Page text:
Date: 27th March 2015 at 5:48pm
Written by:

I`d love to take the credit for the piece below but it did in fact come from the pen of somebody unknown to me who passed it on to Mr J Fear, a resident of Vital HQ.

It`s an article that wonderfully covers the two main topics that have emerged in relation to our fine game this week, namely home-grown player quotas and ticketing prices.

Please feel free to read the article and then offer your thought in the usual place.

“I often find that the international breaks arrive at the most inopportune times in the season, last far too long (with meaningless friendlies shoe-horned in) and generally suck the will to live out of me.

But a couple of things this week have caught my eye, namely the suggestion from Greg Dyke that the current ‘home-grown` quota system operating in the Premier League should increase from 8 to 12 (among other things), and secondly, the Click Here
Click Here about ticket prices, particularly in light of the obscene new TV rights deal and the fact that the Premier League as a whole has made a profit for the first time in 15 years.

So how do you as United fans feel about these developments?

I am all for upping the quotas on homegrown talent, and altering the criteria by which a player qualifies as homegrown (3 years on the books pre-18, as opposed to 21). This would certainly focus clubs` attention on their youth set-up as opposed to cheap gambles from abroad, but aren`t many clubs doing that already? And I would argue that the net result of all this would be the likes of Manchester City and Chelsea of this world doing what they already do, hoovering up the best of British just to pad out their squads, with little intention of using these players in any meaningful way.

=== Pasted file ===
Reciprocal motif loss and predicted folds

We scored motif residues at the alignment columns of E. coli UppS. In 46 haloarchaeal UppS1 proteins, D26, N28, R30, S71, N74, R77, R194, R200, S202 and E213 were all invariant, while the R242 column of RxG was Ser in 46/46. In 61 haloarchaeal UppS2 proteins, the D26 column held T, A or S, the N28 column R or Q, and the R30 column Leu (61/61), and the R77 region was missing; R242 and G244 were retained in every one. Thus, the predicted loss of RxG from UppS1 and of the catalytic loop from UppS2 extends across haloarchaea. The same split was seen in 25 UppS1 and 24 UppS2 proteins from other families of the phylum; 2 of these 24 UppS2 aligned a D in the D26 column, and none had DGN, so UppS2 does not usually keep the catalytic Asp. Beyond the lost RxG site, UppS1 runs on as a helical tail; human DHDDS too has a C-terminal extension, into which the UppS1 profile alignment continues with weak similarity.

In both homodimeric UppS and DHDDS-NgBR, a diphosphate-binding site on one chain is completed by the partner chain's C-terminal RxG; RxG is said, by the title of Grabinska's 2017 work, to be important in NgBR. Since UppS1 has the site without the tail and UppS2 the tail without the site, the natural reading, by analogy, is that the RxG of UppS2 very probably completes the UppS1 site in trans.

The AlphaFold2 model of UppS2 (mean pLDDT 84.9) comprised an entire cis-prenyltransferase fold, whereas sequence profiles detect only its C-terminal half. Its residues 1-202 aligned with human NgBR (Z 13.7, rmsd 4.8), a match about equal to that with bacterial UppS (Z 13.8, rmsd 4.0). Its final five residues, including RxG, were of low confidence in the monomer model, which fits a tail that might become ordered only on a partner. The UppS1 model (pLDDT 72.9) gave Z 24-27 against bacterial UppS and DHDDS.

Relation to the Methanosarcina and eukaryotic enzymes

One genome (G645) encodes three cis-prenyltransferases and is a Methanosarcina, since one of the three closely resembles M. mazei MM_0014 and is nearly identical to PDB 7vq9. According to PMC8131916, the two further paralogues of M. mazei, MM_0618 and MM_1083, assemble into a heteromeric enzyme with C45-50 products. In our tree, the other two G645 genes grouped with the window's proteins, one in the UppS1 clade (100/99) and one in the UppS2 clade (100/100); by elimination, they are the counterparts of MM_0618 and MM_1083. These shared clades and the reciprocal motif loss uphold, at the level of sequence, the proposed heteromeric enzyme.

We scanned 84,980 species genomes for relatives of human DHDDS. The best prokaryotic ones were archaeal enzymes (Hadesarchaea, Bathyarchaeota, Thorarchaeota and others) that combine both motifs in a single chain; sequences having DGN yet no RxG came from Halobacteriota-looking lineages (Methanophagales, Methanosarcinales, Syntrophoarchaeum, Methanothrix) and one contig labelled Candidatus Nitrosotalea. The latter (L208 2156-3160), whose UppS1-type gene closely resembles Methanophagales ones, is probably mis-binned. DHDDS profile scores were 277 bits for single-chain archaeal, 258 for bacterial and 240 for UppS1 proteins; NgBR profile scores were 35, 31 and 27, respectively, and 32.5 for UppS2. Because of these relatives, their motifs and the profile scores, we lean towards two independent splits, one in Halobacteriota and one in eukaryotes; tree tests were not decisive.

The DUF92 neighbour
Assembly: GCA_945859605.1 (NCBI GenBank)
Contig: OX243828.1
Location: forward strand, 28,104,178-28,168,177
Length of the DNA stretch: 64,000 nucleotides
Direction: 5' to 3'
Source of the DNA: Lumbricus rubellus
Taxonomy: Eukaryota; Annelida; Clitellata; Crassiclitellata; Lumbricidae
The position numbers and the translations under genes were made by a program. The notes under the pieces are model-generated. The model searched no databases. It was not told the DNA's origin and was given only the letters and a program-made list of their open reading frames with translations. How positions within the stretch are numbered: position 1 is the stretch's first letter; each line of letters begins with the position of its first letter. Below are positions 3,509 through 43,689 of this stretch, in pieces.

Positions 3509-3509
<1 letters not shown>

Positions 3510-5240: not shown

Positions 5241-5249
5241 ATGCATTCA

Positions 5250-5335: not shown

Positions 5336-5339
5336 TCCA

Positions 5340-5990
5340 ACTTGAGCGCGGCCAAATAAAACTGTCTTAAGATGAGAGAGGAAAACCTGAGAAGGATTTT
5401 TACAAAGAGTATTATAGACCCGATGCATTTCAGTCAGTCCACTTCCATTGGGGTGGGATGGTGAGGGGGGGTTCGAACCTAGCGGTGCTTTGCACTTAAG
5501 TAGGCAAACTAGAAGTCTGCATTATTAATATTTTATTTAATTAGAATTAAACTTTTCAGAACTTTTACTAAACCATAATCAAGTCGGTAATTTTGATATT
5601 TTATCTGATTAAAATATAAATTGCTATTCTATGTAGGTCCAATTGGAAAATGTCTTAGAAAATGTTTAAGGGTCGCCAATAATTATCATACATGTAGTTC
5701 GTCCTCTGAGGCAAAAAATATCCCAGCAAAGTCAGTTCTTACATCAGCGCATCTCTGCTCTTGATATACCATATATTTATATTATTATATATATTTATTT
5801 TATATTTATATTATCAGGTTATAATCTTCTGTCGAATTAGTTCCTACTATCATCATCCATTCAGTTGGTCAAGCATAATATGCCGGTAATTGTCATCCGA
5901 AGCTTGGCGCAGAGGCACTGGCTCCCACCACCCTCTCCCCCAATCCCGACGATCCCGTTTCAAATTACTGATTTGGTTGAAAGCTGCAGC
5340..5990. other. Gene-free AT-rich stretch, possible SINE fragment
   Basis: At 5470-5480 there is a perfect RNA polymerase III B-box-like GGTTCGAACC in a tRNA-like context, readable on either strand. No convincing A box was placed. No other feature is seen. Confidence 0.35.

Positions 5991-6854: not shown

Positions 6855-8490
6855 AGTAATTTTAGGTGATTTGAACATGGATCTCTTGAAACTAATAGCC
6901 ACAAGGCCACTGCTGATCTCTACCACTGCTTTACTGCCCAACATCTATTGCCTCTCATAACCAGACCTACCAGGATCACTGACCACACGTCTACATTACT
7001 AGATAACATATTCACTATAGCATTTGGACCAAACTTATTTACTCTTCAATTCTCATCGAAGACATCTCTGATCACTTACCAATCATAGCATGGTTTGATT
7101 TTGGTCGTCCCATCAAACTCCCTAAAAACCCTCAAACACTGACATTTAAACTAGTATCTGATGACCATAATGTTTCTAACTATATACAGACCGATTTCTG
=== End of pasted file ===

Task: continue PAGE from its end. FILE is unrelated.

Just look at Scott Sinclair (someone who has been on the books of Chelsea and Manchester City) as a case in point. Bounced around the League, ending up occasionally warming the Man City bench, he was a bright young talent (arguably, he is still) but City`s desire to mop up the best in young British talent at the time (see also Gareth Barry and James Milner) meant his career was effectively on hold while foreign talent got the game time. Would that really change by the FA insisting on 4 more homegrown players? 13 of the 25 squad members would still be foreign, and unless there was an insistence on, say, 5 of the starting XI being British, what difference would it make in practical terms?

Still, any move to improve the prospects of young British players, and thereby improving the chances of British teams in tournament football, has to be applauded.

Ticket prices. The thick end of £50 to watch your team, knowing how much money the club is receiving in TV revenue and other commercial rights? I don`t think so! It`s a massive scandal, but as a business, Manchester United are entitled to charge whatever they feel the market bear for their ‘product`. Call me old-fashioned though – it`s a game of football. The players do OK, they get pretty tasty commercial deals to supplement their pittance of a wage so forgive me for not really wanting to dig deeper into my pockets and handing over more of my hard earned.

Clubs have got carried away over the past 20 years since football was invented by Sky, and prices are nothing more than daylight robbery in some cases (Arsenal`s cheapest season ticket is over £1000). Sure if people will pay, the clubs will charge, as in any free market. But it sticks in the throat that going to the match with your 11-year old son leaves you with a few pence change from £100, about the amount Wayne Rooney earns every 3 minutes.

In the early 90s, it cost £5 to stand on the Holte. Yes, it was standing. Yes, it was a different era. But what would be wrong with clubs capping their tickets at £25 for the most expensive, and a tenner for the ‘cheap seats`? Stadiums would be full, week after week, which is what the Premier League want, after all.”